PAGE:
Golfing hero Darren Clarke has returned home to deliver the game’s biggest prize to his two sons — the Open Championship trophy.
Weary and hungover after a night of partying, he produced the famous claret jug to his wide-eyed boys Tyrone, 12, and Conor, 10, and then declared: “There, that is for you.”
Clarke, 42, whose wife Heather died of cancer in 2006, then sat back and relaxed at his home overlooking the links of Royal Portrush golf course on the north coast, where a new round of celebrations are planned to mark his sensational victory at Royal St Georges, in Sandwich, Kent.
He is the third player from Northern Ireland to win a major title in just over a year — heightening pressure on golf’s ruling body to bring the Open Championship back to Portrush, where it was played the one and only time in 1951.
R&A officials based at St Andrews, Scotland, are due to review the course, one of the world’s finest, as well as the local infrastructure later this year. Although it is unlikely there will be any commitment, it emerged today that Portrush is in the running to stage the Irish Open.
Clarke’s victory came just weeks after his friend Rory McIlroy triumphed at the US Open, a title which Graeme McDowell, also from Portrush, won last year at Pebble Beach.
Suddenly Northern Ireland has become a golfing capital with tourism chiefs planning to launch a new advertising offensive, especially in the United States, in a bid to cash in on an extraordinary run of success.
Clarke’s two boys watched his win on television at home with his sister, mother-of-two Andrea Jennings, and rushed to embrace him when he returned home after flying into George Best Belfast City Airport on a private jet with his fiancee Alison Campbell, his father Godfrey and mother Hettie.
Before getting the flight back to Northern Ireland, he revealed he did not go to bed after his win.
Bleary-eyed and slurring his words, he said: “I had quite a few pints and quite a few glasses of red wine and it all continued until about 30 minutes ago. It has been a very good night.”
Nothing, though, had been poured into the trophy.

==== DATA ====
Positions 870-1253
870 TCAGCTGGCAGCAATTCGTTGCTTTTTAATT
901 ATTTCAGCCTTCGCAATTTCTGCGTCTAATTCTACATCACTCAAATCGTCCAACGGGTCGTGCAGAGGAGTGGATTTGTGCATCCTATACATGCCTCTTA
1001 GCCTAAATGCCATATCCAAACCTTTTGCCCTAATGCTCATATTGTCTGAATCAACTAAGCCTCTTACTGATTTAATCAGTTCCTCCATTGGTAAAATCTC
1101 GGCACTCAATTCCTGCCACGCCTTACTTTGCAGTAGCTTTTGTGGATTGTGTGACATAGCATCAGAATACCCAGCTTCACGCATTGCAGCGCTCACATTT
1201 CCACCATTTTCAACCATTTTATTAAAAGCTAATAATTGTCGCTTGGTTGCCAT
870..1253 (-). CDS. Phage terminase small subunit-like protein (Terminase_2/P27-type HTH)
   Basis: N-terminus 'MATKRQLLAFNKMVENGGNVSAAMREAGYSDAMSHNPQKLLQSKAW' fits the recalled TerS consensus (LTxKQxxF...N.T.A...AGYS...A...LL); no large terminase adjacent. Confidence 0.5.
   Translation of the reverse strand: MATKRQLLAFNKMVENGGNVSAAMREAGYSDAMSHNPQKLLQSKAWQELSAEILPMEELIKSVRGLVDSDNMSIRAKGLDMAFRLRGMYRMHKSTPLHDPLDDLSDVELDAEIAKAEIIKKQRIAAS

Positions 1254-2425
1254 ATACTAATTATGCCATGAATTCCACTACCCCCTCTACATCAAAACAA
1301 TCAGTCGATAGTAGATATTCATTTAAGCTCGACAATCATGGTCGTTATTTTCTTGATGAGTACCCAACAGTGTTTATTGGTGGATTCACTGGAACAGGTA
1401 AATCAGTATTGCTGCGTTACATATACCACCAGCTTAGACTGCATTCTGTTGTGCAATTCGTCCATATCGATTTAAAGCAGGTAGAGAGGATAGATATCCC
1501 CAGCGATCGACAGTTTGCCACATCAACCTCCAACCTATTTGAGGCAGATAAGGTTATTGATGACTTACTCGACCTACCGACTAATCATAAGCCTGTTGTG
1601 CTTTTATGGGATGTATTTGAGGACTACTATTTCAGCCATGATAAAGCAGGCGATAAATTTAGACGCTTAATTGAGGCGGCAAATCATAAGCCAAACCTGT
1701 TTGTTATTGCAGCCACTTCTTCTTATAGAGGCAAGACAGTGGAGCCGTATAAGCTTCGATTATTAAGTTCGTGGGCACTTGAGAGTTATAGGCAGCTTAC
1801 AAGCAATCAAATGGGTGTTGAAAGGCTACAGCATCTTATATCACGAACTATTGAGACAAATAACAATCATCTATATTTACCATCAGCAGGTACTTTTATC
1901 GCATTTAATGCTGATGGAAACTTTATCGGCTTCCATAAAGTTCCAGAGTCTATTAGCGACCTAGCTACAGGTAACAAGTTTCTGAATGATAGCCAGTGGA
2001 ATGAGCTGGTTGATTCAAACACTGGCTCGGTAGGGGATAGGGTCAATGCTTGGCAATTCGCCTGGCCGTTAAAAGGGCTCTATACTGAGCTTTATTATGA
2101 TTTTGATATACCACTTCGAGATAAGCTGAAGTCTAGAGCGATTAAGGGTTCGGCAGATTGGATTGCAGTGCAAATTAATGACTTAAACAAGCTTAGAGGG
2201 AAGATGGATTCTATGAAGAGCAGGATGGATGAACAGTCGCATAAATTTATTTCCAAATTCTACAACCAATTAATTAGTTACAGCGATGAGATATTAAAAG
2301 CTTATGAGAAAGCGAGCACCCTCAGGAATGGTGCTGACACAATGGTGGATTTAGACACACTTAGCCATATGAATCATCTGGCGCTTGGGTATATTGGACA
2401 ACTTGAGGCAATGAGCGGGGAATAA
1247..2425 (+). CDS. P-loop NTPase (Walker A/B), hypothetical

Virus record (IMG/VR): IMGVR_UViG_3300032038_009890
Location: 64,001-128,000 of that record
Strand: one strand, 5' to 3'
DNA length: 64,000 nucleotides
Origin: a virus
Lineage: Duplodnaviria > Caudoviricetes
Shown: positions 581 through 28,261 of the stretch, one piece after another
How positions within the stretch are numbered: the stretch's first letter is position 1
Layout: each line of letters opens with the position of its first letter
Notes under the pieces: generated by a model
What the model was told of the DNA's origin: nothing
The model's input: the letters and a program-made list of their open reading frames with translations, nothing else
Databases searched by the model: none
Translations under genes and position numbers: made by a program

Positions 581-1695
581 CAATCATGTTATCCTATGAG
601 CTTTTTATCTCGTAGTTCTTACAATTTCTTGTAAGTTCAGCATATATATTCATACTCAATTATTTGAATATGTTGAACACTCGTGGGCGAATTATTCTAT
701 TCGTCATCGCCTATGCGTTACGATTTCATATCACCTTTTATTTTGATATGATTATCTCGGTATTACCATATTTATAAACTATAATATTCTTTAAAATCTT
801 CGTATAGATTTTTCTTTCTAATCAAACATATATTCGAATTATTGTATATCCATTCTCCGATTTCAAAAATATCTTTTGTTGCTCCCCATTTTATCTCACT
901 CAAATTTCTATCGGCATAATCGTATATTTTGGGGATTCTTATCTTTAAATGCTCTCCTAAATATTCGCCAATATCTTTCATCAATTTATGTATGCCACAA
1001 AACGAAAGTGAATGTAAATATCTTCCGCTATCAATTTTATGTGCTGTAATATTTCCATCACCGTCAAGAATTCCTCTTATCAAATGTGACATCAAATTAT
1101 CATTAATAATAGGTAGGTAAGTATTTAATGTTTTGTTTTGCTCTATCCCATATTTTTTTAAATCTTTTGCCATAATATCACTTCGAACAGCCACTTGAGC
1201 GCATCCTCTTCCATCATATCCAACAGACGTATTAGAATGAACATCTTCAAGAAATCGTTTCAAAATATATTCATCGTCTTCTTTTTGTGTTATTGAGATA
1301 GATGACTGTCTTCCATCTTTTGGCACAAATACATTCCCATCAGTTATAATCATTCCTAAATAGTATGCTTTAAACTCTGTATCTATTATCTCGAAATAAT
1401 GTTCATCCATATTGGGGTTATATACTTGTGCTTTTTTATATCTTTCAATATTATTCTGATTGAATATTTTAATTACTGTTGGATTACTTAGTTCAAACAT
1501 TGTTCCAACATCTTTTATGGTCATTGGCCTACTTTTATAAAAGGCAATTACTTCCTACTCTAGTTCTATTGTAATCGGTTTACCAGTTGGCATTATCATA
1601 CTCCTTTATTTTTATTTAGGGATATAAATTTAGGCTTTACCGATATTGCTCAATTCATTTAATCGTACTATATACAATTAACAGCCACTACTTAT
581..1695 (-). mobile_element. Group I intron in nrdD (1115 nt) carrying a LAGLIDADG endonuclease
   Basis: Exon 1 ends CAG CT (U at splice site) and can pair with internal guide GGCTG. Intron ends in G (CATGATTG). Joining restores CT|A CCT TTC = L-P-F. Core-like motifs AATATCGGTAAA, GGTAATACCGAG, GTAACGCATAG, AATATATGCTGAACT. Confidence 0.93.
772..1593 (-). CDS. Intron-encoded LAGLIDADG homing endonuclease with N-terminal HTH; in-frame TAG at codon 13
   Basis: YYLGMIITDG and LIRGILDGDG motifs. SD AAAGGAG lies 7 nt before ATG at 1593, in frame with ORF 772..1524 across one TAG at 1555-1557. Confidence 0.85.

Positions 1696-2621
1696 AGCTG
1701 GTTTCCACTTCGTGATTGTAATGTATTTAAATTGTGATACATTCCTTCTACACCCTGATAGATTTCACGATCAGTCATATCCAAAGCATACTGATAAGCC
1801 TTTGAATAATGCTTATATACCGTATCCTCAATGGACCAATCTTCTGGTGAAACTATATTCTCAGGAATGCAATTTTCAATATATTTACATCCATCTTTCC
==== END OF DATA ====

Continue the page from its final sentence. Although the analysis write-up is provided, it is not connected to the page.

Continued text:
“I’m a little bit of a traditionalist. I feel a bit funny about putting stuff in the claret jug that should not be in there,” he said.
“There’s nothing in it as yet. That may not be the case as the week goes by.
“I have 294 (text) messages and the writing is far too small for me to look at them in this state, so I may look at them tomorrow at some stage and figure them out.”
He said he appreciated the victory a lot more now.
“Ten years ago I did take an awful lot of things for granted.”
He added: “It is much easier to perform well with a smile on your face than a scowl on your face.”
Mrs Jennings looked after the children while their father was away and said they were glued to the television all weekend.
“The way he seemed to stay calm, he was very much in control, not like the rest of us,” she said.
The oldest Open champion for more than 40 years called his children at their aunt`s home each night. After his win, the family descended upon the Bayview Hotel, Portballintrae, where Clarke enjoys a drink when he is at his north Antrim home.
Clarke called through last night to buy a round of drinks for fans who had packed the bar to watch and celebrate his victory.
Hotel owner Trevor Kane said: “Darren put a call through to Andrea to set up a round of drinks for everyone at the bar, it was quite a celebration.
“Some people got squirted with champagne.”
Clarke`s father Godfrey was at the course at Royal St Georges.
“I was delighted for him and the work he has put into it,” he said.
“I think it is something to do with him moving back to Portrush. The kids are back home, they are all in the same school. Darren is a lot happier.”
Pressure is growing for Clarke`s club at Royal Portrush to be among the hosts of the Open tournament.
:: Tourism boost
Northern Ireland Enterprise Minister Arlene Foster confirmed that her Department of Enterprise, Trade and Investment was involved in negotiations with Royal Portrush to bring the Irish Open to the north coast.
“That is a probability in the near or immediate future so that will help in our bid to get the Open,” she said.
The last time the Open was held at Royal Portrush was 1951. The last Northern Ireland Open champion, Fred Daly, also played there.
Peter Dawson, chief executive of Open organisers the Royal and Ancient (R&A), said they would be carrying out a review of the course and infrastructure, like the number of hotel beds available and the capabilities of the road system later this year. The links course has been extended and major improvements carried out to improve its bid.
Tourism chiefs will be hoping for a major financial return from the recent golfing success, with Clarke now 30th in the world rankings. Tourism Ireland is launching a campaign called “The Home of Champions” to capitalise on their success and draw golf tourists to Northern Ireland.
Clarke, originally from Dungannon, Co Tyrone, McDowell and McIlroy will be in action again in Killarney, Co Kerry, at the Irish Open next week.
The bar of Dungannon Golf Club, 40 miles west of Belfast, ran out of pint glasses within half an hour of Clarke’s stunning win, while sprayed champagne drenched all those who had jammed in to watch the climax of his historic achievement on the TV.
John Meenagh, former competitions secretary at the Co Tyrone club, said his talent was evident from a young age.
Mr Meenagh recalled playing with Clarke when the Open champion broke the Dungannon course record in 1989.
“He was a brilliant player from when he was a child. It was just the way he hit the ball, the length he hit it compared to other children and at putting he was ahead of everybody,” he said.